Five costly mistakes that IBM i companies make

Five Costly Mistakes That IBM i Companies Make

IBM Power Systems are the most reliable, available, and securable systems in the world, and IBM i is hands down the best Operating System. This is why the IBM i is the backbone of many critical business processes, including financials, payroll, warehousing, distribution, and logistics, to name a few. Yet despite being responsible for running the world, the IBM i is often neglected, leading to costly mistakes.

Just because the hardware and software can run for a long time without any maintenance doesn’t mean you should let it. You know the saying, “the squeaky wheel gets the grease,” well, since the platform is so stable and reliable, it rarely squeaks. For this reason, some companies tend to ignore their IBM i. Chatty Windows environments get all the time and attention because, without it, they fail.

You’re better off spending some time and money to keep your IBM i system more current as this will help you avoid these common, costly mistakes that IBM i companies make.

#1 Assume their IBM i Secure

One of the top concerns for CIOs continues to be security year after year. The threat from ransomware and viruses continues to grow. iTech has helped over twenty companies recover from Ransomware attacks on their IBM i over the past year and a half. All these companies had one thing in common, a false sense of security regarding their IBM i platform.

This false sense of security is the biggest threat to IBM i shops because they assume they are not a risk. We know the IBM i can’t execute a program, which means you can’t infect your DB2 database with a virus, but IFS file shares can expose your IBM i OS to ransomware attacks that can encrypt your data. Users with default passwords expose your system to a potential breach and combine that with users with excess authority, and your system is a hacker’s dream.

Just because your system was secure ten years ago doesn’t mean it is today. We can no longer assume our IBM i is secure. Like your network and other platforms, you should review your IBM i security controls regularly to ensure they are still adequate.

#2 Lack of Disaster Recovery Testing

Given the increased level of threats of ransomware on IBM i, you need to have a good disaster recovery plan in place. Not only do you have to have a disaster recovery plan, but you really need to test it. I’ve talked to many customers who have an old Power system that they keep for disaster recovery purposes, but when I ask when they last tested it, they say never. While they have redundant hardware that they can use in the event of a disaster, I would argue that there isn’t a disaster recovery plan because they don’t know if it will work. The last thing you want to happen during a disaster is to find out that your recovery plan is incomplete. That’s why it’s so important to test your recoverability.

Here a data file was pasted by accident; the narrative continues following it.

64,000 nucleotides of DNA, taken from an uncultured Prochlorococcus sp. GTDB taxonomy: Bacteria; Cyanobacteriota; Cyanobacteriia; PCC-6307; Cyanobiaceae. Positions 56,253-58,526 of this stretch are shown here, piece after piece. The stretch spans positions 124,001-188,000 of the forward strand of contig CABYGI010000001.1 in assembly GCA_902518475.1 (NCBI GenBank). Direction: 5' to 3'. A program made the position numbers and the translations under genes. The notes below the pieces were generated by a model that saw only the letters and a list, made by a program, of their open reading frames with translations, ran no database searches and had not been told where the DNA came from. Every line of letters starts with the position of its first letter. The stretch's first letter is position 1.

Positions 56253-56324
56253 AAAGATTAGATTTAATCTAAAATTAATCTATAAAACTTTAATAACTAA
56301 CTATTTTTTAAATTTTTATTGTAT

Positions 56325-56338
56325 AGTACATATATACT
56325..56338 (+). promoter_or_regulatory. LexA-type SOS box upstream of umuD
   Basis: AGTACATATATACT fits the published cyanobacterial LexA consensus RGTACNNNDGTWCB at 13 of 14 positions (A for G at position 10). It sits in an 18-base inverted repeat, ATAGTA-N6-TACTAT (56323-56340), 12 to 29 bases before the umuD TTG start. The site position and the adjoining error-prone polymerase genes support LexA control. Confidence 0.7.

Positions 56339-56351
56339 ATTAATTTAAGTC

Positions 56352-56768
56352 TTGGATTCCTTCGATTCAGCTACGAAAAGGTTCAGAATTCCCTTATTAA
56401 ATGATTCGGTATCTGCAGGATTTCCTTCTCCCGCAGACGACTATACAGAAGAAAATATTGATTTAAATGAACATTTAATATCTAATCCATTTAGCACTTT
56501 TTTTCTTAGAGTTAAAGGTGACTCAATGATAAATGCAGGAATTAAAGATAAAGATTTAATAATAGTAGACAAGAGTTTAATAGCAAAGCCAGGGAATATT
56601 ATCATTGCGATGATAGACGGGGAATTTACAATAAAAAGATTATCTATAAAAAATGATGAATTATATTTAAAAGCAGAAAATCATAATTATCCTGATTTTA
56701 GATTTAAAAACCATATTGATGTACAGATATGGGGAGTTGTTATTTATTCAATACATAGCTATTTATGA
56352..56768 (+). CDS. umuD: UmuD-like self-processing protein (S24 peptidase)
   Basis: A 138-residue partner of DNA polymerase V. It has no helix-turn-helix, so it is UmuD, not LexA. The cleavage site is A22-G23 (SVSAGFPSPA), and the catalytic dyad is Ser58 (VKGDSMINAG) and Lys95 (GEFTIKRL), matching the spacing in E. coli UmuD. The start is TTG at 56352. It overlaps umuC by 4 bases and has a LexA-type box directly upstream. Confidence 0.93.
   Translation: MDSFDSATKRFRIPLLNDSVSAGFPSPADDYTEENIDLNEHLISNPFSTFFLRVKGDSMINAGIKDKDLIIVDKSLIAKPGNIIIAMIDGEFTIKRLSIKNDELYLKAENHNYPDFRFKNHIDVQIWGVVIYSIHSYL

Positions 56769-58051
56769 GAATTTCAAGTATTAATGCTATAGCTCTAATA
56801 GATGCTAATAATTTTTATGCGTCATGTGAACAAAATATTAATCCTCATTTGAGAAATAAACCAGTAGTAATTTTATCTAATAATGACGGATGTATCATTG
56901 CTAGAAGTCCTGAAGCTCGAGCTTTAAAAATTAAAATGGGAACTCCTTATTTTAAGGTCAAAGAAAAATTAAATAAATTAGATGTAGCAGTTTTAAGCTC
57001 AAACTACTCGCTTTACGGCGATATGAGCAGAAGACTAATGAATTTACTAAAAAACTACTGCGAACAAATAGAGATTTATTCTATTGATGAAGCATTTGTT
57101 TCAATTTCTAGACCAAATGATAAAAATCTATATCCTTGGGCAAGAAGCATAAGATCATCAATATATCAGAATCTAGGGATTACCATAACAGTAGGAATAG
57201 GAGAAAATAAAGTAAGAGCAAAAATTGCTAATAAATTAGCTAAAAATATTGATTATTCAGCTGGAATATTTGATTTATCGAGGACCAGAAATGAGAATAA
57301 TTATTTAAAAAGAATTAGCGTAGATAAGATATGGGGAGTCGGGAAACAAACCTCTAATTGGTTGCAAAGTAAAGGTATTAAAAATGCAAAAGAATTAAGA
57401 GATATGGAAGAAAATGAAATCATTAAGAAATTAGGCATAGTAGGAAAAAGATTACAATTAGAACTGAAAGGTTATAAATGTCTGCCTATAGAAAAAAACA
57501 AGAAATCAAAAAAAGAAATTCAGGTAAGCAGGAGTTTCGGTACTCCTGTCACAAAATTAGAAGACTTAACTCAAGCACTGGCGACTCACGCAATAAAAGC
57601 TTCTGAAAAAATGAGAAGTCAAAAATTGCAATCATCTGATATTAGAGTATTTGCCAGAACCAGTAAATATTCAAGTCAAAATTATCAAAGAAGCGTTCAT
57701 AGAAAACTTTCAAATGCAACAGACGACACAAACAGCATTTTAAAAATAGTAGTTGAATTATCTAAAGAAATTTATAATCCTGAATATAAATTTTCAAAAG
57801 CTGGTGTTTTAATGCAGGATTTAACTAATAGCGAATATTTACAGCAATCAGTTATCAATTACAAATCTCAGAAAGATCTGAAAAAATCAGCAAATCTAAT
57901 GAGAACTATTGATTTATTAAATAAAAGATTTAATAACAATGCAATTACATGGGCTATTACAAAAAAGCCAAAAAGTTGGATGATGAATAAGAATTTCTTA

#3 No regular OS and PTF Maintenance

One of the issues with not doing regular maintenance is that you end up with more security vulnerabilities. As parts of the Operating System are deemed insecure such as ciphers or protocols, it’s essential to upgrade to a secure version. If you must comply with any regulations, you should keep your OS current for this reason alone, as every regulation I’ve read requires you to apply updates regularly.

Today’s digital world means that IT has to deliver high availability. Companies have one issue with regular maintenance: scheduling the downtime needed to accomplish it; this is where you need to negotiate with the business. Would they rather have a regular maintenance downtime window that they can communicate to their users and customers? Or would they rather have a disaster and have to recover?

IBM offers extended support for 7.2, which comes at a premium of two times your software maintenance. You are exposed to the security vulnerabilities in 7.2, and you now have double the cost for Software Maintenance. That doesn’t seem like a good thing.

#4 Keeping old hardware

Keeping your Operating system on a current version puts you in a great position to upgrade to new hardware when the time comes. Keeping hardware for too long means you may have to introduce a new operating system version when moving to new hardware. Migrating to new hardware is simpler when you keep the OS versions the same between systems, and your risk is significantly reduced.

Another issue is that as hardware ages, the mean time between failure gets shorter and shorter. You are at higher risk of incurring unplanned downtime with old hardware. If you are running on extended hardware support, your risk is even more significant, as there is no guarantee that parts will be available to fix your hardware failure.

#5 Not modernizing source code

It’s been more than five years since the IBM i can run open source languages such as PHP, Python, and Nodejs.  These are the languages that are taught today. It only makes sense that IBM shops would start incorporating more open source into their IBM i code.

Finding local RPG developers is like finding a needle in a haystack. The reason is that the people taught RPG are now aging and retiring. RPG code can be complex for someone unfamiliar, but tools make it easier for them to understand. A great solution is to bring a developer with open source experience and have them work with your RPG developer before they retire. Shops taking this approach are successfully hiring new developers and modernizing their code.

As you can see, while you may think you’re saving money by ignoring your IBM i and Power system, you could be setting yourself up for a disaster. The threat to your security, availability, and reliability is real if you ignore your IBM i environment. If you lack the resources or knowledge to undertake these tasks, don’t hesitate to contact us for assistance.


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